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# Application Case 2.4

## Predicting NCAA Bowl Game Outcomes

FIGURE 2.16 The Graphical Illustration of the Methodology Employed in the Study.

TABLE 2.5 Description of the Variables Used in the Study.

TABLE 2.6 Prediction Results for the Direct Classification Methodology.

TABLE 2.7 Prediction Results for the Regression-Based Classification Methodology.

Predicting the outcome of a college football game (or any sports game, for that matter) is an interesting and challenging problem. Therefore, challengeseeking researchers from both academics and industry have spent a great deal of effort on forecasting the outcome of sporting events. Large quantities of historic data exist in different media outlets (often publicly available) regarding the structure and outcomes of sporting events in the form of a variety of numerically or symbolically represented factors that are assumed to contribute to those outcomes.

The end-of-season bowl games are very important to colleges both financially (bringing in millions of dollars of additional revenue) as well as reputational—for recruiting quality students and highly regarded high school athletes for their athletic programs (Freeman & Brewer, 2016). Teams that are selected to compete in a given bowl game split a purse, the size of which depends on the specific bowl (some bowls are more prestigious and have higher payouts for the two teams), and therefore securing an invitation to a bowl game is the main goal of any division I-A college football program. The decision makers of the bowl games are given the authority to select and invite bowl-eligible (a team that has six wins against its Division I-A opponents in that season) successful teams (as per the ratings and rankings) that will play in an exciting and competitive game, attract fans of both schools, and keep the remaining fans tuned in via a variety of media outlets for advertising.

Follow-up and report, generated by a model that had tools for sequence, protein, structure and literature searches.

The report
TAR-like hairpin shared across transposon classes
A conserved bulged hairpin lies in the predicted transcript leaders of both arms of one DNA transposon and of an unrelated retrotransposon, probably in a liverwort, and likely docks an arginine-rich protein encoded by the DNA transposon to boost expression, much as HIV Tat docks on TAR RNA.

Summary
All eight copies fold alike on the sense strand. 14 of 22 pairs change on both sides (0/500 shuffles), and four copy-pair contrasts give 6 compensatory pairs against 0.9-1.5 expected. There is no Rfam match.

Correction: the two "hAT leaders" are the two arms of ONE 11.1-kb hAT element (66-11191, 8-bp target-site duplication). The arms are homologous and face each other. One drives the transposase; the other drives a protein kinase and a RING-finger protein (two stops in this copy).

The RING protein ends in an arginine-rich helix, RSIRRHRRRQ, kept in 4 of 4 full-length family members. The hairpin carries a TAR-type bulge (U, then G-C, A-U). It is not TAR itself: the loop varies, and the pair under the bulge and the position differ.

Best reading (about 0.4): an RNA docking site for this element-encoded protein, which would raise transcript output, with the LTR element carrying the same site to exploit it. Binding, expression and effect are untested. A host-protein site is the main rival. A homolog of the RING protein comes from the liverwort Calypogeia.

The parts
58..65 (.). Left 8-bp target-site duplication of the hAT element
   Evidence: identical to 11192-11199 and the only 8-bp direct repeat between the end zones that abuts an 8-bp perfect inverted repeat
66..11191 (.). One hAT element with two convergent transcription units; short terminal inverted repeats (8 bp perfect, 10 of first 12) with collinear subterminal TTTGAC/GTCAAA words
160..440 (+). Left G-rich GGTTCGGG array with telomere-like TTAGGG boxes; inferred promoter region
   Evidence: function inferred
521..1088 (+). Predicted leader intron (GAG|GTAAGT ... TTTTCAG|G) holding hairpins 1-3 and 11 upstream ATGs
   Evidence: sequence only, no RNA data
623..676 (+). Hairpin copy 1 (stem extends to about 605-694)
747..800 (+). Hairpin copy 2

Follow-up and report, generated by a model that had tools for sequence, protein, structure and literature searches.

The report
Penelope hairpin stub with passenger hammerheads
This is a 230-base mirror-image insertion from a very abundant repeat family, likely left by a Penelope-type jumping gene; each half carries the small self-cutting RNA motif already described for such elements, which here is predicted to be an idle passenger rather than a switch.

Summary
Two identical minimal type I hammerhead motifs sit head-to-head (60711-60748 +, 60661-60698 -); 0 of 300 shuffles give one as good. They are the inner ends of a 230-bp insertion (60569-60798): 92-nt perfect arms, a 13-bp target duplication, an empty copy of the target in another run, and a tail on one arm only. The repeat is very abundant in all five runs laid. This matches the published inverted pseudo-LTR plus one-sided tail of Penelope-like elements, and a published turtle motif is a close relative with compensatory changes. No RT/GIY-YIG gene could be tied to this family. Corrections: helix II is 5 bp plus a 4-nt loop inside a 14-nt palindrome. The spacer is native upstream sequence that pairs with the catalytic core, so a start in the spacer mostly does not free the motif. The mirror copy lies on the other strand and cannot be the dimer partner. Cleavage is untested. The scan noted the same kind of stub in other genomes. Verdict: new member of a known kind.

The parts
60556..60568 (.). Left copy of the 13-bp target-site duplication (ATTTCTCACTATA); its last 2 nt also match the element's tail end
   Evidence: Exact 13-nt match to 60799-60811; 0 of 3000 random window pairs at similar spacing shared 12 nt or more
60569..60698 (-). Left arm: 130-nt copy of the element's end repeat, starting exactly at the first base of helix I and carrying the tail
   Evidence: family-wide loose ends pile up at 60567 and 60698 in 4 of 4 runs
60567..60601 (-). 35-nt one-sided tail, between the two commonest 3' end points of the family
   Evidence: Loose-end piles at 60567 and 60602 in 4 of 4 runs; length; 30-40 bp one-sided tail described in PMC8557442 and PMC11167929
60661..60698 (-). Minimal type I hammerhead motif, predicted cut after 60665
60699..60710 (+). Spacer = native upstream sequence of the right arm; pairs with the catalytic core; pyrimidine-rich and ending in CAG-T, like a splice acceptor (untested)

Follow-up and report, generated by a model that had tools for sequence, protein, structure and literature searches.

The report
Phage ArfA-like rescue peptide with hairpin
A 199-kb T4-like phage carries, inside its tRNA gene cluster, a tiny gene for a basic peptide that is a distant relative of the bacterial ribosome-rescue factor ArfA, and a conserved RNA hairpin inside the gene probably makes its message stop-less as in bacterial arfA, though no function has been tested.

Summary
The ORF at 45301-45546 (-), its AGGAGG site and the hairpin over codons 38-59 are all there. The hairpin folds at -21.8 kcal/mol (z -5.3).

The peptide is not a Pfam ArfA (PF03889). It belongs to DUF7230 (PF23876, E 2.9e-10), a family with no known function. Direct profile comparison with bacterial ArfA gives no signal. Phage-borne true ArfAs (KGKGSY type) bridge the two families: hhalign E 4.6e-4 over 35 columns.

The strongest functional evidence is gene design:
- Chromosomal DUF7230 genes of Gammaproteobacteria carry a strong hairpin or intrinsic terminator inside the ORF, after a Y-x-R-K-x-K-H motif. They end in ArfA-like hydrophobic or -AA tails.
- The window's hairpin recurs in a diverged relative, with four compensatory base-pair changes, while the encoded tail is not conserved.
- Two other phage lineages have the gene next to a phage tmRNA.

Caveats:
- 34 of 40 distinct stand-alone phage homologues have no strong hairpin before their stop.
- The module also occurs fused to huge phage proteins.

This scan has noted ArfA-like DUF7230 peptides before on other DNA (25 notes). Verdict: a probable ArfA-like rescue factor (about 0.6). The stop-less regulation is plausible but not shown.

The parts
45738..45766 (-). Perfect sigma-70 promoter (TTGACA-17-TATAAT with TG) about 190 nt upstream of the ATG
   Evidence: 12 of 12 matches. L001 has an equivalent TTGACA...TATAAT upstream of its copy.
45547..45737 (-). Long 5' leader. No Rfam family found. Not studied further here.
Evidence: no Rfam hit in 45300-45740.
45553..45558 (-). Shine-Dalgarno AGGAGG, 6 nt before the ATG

In a recent data mining study, Delen, Cogdell, and Kasap (2012) used 8 years of bowl game data along with three popular data mining techniques (decision trees, neural networks, and support vector machines) to predict both the classification-type outcome of a game (win versus loss) as well as the regression-type outcome (projected point difference between the scores of the two opponents). What follows is a shorthand description of their study.

Methodology

FIGURE 2.16 The Graphical Illustration of the Methodology Employed in the Study.